27 May 2010

Political Realities

Yesterday, I discussed a proposal from the European Commission to increase the unilateral target for the bloc's emissions reductions to 30% from 20% by 2020. Since the proposal involves costs measured in the hundreds of billions of Euros (of which the exact amount seems to be reported differently), I argued yesterday that it is not going to happen.

EurActiv reports today that Connie Hedegaard, the EU's Climate Action Commissioner and person responsible for the proposal, has stepped back:
Are the conditions right now? Would it make sense at this moment? My answer would be 'no'
These comments raise the question of when it would be appropriate to increase costs to European businesses. Certainly no time soon, maybe never.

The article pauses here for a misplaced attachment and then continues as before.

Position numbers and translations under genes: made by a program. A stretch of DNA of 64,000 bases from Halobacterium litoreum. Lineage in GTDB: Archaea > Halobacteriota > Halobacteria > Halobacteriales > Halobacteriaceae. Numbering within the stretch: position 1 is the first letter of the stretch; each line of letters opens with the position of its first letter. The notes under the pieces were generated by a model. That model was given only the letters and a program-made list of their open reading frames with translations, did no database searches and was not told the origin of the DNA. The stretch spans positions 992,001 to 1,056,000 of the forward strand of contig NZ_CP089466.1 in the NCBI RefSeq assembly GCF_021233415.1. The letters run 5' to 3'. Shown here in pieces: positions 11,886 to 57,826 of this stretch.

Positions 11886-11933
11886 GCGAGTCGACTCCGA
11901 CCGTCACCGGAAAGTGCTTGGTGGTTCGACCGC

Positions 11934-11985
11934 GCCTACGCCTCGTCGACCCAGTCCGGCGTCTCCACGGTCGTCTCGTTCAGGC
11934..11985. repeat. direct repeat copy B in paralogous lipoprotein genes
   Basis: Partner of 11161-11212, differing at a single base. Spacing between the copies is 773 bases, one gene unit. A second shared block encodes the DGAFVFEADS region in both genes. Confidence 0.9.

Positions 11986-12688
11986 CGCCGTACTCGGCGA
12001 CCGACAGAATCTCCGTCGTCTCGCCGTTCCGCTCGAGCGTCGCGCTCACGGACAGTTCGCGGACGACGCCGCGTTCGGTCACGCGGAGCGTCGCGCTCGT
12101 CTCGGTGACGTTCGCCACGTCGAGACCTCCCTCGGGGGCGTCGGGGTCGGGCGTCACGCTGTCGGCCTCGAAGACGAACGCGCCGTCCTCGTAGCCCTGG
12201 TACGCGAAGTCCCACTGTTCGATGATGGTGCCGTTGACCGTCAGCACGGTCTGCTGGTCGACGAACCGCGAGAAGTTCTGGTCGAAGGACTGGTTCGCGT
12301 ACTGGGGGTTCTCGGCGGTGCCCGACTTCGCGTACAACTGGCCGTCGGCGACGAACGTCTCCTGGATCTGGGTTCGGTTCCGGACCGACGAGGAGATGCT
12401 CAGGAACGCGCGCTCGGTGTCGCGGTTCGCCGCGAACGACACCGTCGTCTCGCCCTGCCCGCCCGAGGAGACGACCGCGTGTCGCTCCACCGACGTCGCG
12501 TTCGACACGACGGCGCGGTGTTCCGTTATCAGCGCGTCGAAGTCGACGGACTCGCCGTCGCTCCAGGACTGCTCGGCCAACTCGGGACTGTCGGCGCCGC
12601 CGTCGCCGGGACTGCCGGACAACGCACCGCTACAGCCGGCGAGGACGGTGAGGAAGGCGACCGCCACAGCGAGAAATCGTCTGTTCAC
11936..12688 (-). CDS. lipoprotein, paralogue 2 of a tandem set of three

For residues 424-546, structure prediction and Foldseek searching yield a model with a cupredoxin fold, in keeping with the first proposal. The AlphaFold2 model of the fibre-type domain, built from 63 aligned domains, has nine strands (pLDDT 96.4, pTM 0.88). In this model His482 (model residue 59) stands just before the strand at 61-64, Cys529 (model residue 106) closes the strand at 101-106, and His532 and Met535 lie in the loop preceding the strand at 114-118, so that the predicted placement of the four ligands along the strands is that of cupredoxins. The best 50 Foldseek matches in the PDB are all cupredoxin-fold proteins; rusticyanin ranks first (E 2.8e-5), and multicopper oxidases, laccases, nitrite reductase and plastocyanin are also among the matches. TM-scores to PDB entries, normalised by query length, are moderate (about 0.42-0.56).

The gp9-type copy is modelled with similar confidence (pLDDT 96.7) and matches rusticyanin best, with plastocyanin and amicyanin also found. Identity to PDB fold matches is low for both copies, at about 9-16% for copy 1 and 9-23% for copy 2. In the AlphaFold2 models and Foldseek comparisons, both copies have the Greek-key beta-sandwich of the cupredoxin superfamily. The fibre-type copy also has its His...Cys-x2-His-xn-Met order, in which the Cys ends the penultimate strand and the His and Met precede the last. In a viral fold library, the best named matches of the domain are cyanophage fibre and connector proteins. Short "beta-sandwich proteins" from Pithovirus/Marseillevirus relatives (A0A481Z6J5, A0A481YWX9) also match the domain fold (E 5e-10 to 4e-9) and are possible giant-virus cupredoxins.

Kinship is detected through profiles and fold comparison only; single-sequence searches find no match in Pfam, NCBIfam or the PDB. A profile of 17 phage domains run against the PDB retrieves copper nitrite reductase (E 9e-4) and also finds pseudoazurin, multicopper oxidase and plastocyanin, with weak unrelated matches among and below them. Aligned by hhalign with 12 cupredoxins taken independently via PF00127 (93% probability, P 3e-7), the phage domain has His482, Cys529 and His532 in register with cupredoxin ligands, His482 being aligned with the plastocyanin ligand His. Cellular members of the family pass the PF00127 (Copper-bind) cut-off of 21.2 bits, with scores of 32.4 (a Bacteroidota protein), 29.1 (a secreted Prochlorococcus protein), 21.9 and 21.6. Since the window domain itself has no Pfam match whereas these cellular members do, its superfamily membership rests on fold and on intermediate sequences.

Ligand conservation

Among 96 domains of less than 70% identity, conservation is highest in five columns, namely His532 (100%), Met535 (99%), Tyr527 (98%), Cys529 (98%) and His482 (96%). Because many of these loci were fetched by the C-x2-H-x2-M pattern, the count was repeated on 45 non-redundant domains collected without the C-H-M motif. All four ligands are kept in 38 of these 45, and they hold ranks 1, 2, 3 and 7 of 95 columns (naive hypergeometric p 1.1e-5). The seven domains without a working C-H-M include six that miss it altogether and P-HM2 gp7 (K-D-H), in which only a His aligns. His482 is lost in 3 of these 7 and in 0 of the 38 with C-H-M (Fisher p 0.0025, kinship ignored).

The point here is not about Europeans specifically, who have certainly shown the most leadership on climate policies over recent decades, but about a general principle of policy design: People are willing to accept some costs for decarbonization policies, but this willingness has limits, even in Europe. In this regard, Europeans, North Americans, Asians and everyone else are much the same. This is an argument discussed in some depth in The Climate Fix. There is no point is complaining about this reality -- and little point in trying to change it -- rather, it needs to be accepted as a boundary condition for climate policy design.